Kensington Street is the vision of Greencliff Executive Chairman Dr Stanley Quek and Frasers Property Australia, first defined in Central Park’s 2007 public domain plan and further advanced by Tonkin Zulaikha Greer and Turf Design Studio in collaboration with Jeppe Aagaard Andersen.
The street offered immense possibilities – a built fabric comprised of some of Sydney’s oldest workers cottages, terraces and warehouses.
As landscape architects and urbanists how could we reimagine the street? How could we build on the street’s unique story and in so doing make a new Sydney place?
The first imperative was its physical connection – a series of thru-site links to the emerging Central Park precinct were vital in stitching the street back into the fabric of Chippendale, in Sydney’s downtown CBD.
In parallel, a process of boiling down - carefully understanding the history and many heritage qualities of the street.
Then came stripping back - removing those elements not intrinsic to its spirit of place.
Finally, carefully adding in - lighting, trees, seats and ground plane – the public domain infrastructure required as fit for purpose. We aimed to touch lightly but decisively in forging something new from old.
Greencliff had a definitive vision for Kensington Street.
“When Greencliff purchased Kensington Street’s historic worker’s cottages and warehouses, our vision was to reactivate the heritage buildings along the street and redevelop them for contemporary food, lifestyle, artistic and commercial endeavours,” Dr Quek said. Kensington Street’s public realm demonstrates leadership through the following key areas:
Placemaking:Landscape Architects are a key contributor in the making of cities. Our blended knowledge of urban design, environment, community and infrastructure makes our profession unique in connecting people and place. In Kensington Street our role was to make a robust and authentic street for living, where the hand of the designer remains largely unseen.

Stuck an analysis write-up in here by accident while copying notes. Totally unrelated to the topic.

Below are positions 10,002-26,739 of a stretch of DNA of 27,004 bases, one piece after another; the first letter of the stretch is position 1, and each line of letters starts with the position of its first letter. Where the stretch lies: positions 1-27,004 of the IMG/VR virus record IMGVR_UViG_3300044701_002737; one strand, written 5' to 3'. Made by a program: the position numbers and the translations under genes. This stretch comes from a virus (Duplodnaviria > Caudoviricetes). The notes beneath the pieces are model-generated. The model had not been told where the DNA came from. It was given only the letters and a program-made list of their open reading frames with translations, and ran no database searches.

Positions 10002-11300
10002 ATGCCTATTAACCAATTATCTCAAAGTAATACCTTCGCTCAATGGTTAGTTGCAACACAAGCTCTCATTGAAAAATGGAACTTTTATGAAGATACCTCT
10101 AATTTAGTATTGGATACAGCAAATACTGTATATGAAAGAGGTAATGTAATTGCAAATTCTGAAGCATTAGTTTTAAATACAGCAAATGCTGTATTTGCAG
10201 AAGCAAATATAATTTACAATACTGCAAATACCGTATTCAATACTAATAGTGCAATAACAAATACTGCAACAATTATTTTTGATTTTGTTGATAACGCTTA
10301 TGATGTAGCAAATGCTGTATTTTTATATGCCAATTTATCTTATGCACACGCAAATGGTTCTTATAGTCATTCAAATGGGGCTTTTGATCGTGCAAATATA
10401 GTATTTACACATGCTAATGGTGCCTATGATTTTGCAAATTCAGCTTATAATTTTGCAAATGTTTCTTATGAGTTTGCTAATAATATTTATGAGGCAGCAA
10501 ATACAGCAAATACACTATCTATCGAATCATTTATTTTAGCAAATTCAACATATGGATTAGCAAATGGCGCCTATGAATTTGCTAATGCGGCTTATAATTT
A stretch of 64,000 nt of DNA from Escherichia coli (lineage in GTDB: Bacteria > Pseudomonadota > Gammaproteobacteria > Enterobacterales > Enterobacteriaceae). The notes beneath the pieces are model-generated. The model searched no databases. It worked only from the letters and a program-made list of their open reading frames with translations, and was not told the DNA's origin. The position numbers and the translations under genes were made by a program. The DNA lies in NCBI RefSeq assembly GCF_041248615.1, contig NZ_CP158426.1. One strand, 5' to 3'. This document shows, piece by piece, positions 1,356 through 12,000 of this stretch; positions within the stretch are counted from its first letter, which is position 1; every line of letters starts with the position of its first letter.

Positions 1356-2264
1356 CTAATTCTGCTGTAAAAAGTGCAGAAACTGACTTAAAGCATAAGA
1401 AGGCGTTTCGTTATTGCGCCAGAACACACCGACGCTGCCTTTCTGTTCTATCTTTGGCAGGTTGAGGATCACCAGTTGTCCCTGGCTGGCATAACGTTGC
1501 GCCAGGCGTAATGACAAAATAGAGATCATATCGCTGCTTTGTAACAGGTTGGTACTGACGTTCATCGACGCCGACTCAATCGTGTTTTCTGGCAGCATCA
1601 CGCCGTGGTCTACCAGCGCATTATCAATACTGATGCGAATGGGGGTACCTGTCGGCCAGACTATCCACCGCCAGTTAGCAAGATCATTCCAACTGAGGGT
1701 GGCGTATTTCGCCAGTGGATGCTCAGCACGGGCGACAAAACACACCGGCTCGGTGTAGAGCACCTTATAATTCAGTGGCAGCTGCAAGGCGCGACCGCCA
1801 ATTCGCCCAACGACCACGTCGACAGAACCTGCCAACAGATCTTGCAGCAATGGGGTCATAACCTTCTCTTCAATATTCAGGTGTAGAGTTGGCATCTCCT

Creating a shared zone:The design team developed a ‘shared street’ approach, integrating cars within a pedestrian-focused environment.The street presents motorists with a succession of subtle physical and visual restraints designed to encourage slow driving. A central, granite dish drain, loose avenue of trees, bollards (mandated by RMS) and paving all combine to constrain vehicular movement and parking.
Collaboration with architects: The design team worked with Tonkin Zulaikha Greer and heritage architects to carefully blend the language of the public realm with the heritage of the built form. Working class terrace facades have been retained and restored; a significant initiative in retaining heritage value in the street. The Old Clare Hotel has undergone a major overhaul and through careful adaptive reuse, has joined with the former Carlton United Administration Building to transform into a 5-star hotel by Unlisted Collection.
Retaining the site’s heritage qualities:Original trachyte kerbing has been preserved and reinstated on its original alignment - a subtle palimpsest within the new brick ground plane of bespoke Bowral brick that pays homage to its local heritage.
Kensington Street’s highly innovative design and carefully executed heritage adaptive reuse strategy has revitalised one of Sydney’s oldest streets into a vibrant new public place that contributes to the evolving street typology of the city. The place is a hive of activity, buzzing from the early morning until late at night with people of all ages and backgrounds exploring the street’s creative spaces, dining and cultural offerings.